• I see where you’re coming from, and think it’s wrong and misogynistic to see straight women as shallow. But often, straight women are navigating an enforced patriarchy that in many ways, women dating women have the privilege to bypass, which just *does* make things simpler in some cases. This doesn’t mean that queer relationships don’t have problems, but I feel like it’s ok to acknowledge greater social pressures that really do influence things.

      • You make a very good point. As a bisexual woman, I have definitely experienced patriarchy complicating certain aspects of my relationships with men, true. I felt like the comic was more about the specific problem of not communicating/being clear with your partner-to me that has nothing to do with gender, but idk. I may have bristled because I’m a queer woman who can’t really jump on the “thank God i’m not straight” wagon because even though I am glad I’m not straight, that feels more like “thank God I don’t date men” in this context, which is not the same thing and isn’t something I can say.

  5. I feel like I get where this is coming from. Patriarchy makes straight relationships much, much more complicated than they need to be by enforcing a bunch of weird rules that don’t work. I feel like my simple, easy, happy relationship with my girlfriend is like an oasis of calm in the middle of the weird problems my straight friends have (like “my husband constantly tries to be the leader instead of respecting me”). I’m not saying lesbian or gay relationships are perfect – there are problems like domestic violence, abuse, and messed up people in all relationships – just that we at least avoid those preset cis man/cis woman together roles that fuck so badly with straight people.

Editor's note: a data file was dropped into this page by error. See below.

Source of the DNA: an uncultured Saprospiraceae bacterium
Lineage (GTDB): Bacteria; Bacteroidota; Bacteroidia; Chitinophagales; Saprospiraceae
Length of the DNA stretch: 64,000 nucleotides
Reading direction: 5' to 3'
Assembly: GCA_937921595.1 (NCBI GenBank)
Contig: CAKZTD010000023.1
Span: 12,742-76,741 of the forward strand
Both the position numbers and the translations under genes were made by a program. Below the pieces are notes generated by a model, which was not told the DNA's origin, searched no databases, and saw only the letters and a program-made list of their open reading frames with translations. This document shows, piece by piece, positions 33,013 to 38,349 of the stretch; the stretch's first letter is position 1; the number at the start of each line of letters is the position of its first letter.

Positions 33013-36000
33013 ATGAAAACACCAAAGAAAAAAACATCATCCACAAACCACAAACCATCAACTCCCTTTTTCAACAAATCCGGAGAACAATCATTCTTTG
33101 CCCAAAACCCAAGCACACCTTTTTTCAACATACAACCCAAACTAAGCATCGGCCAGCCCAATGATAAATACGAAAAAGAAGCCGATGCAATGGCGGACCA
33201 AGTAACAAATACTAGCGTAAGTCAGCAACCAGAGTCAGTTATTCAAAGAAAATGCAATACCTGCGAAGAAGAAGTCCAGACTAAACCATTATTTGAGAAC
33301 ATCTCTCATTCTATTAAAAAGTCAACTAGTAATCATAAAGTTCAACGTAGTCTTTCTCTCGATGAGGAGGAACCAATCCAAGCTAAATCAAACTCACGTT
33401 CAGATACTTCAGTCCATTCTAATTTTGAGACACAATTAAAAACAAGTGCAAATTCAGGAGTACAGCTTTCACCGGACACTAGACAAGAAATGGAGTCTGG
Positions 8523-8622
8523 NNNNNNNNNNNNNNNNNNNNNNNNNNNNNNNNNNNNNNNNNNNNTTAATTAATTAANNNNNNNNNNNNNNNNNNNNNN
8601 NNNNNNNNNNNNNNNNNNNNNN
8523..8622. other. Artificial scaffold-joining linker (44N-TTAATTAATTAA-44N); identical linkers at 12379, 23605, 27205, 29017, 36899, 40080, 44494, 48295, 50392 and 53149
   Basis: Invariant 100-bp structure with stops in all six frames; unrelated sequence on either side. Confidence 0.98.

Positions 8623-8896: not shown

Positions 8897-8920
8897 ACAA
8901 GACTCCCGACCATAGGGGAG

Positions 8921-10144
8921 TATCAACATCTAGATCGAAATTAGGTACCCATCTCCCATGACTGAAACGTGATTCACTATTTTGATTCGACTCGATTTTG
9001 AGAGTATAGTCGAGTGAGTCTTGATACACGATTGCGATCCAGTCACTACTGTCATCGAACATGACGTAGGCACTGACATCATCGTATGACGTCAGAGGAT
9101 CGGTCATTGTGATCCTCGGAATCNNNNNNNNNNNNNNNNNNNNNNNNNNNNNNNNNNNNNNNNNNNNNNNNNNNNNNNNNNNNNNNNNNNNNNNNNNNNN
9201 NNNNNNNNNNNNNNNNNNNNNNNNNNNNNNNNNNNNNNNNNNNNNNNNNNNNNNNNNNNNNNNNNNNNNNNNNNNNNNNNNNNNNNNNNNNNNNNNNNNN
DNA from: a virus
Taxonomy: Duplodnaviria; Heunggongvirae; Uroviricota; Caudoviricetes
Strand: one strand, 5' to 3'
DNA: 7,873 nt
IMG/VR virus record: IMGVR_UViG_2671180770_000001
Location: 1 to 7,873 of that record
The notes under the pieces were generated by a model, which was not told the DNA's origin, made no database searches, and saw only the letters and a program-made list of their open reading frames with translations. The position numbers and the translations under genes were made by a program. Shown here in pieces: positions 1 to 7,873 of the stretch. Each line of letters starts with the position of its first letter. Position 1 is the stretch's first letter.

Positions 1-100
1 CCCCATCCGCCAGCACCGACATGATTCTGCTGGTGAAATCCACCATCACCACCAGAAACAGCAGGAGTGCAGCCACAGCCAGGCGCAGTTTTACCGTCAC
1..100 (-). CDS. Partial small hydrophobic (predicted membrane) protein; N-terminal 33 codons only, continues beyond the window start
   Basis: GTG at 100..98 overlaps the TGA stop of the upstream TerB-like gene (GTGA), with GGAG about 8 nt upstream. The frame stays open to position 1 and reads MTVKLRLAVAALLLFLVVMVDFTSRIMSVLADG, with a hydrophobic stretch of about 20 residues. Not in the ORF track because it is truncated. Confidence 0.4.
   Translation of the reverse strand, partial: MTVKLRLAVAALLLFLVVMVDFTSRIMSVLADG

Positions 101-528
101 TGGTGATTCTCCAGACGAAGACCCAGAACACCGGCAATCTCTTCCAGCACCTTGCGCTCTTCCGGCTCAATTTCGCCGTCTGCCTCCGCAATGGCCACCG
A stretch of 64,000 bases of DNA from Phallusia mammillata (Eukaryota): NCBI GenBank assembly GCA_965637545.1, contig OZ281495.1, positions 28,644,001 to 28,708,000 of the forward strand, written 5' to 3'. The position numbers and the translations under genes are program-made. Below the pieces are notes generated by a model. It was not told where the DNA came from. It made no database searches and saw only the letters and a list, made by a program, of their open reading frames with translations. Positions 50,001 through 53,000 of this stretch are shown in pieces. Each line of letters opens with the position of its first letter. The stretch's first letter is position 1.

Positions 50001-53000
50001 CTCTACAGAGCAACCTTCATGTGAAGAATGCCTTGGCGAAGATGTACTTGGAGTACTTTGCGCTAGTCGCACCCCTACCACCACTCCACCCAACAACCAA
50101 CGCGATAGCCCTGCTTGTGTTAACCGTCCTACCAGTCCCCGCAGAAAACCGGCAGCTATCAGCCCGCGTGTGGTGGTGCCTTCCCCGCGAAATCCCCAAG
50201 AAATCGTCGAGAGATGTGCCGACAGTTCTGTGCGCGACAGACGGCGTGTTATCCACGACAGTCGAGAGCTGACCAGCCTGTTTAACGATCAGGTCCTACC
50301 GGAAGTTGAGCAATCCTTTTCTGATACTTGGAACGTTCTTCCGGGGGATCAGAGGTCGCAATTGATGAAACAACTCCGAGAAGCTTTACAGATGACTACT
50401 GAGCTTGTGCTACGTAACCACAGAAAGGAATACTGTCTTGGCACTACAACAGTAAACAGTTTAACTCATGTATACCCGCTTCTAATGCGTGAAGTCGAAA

6. I have obsessed over what both women and men have thought about me. And I think that het society at large discourages any real conversation in a straight couple. Look at Cosmo mag, for example. Their whole premise is to be telepathic for your man. And then even though women are known for having feelins, we’re taught not to express them just like men are taught not to have them
    Sucks tbh

  7. Is this straight sister comics or just little sister with a lot of learning to do comics? I felt like the link between straightness and superficiality/toy dogs and sparkles/pointless relationship drama was a little off, tbh. Maybe it hit a note particularly because I’m bi and felt like it was stereotyping male-female relationships.

    I relate to this comic as an older sister talking to a youngest sister, but oddly the conversation this reminds me the most of is when my sister was actually crushing hard on a girl for the first time.

  8. I don’t think it’s fair to stereotype straight relationships like how it’s done here. The typical situation of one engaging in a light physical act with another and having ‘uncertainity’ about the relationship is common across all genders, races, etc. when dating. It’s called the ‘grey area’ and if you’ve never been there in dating you’ve either never dated much before or you’ve only had one relationship in your life. This comic is funny but really the ‘grey area’ translates across all types of dating, not just with straight men or women.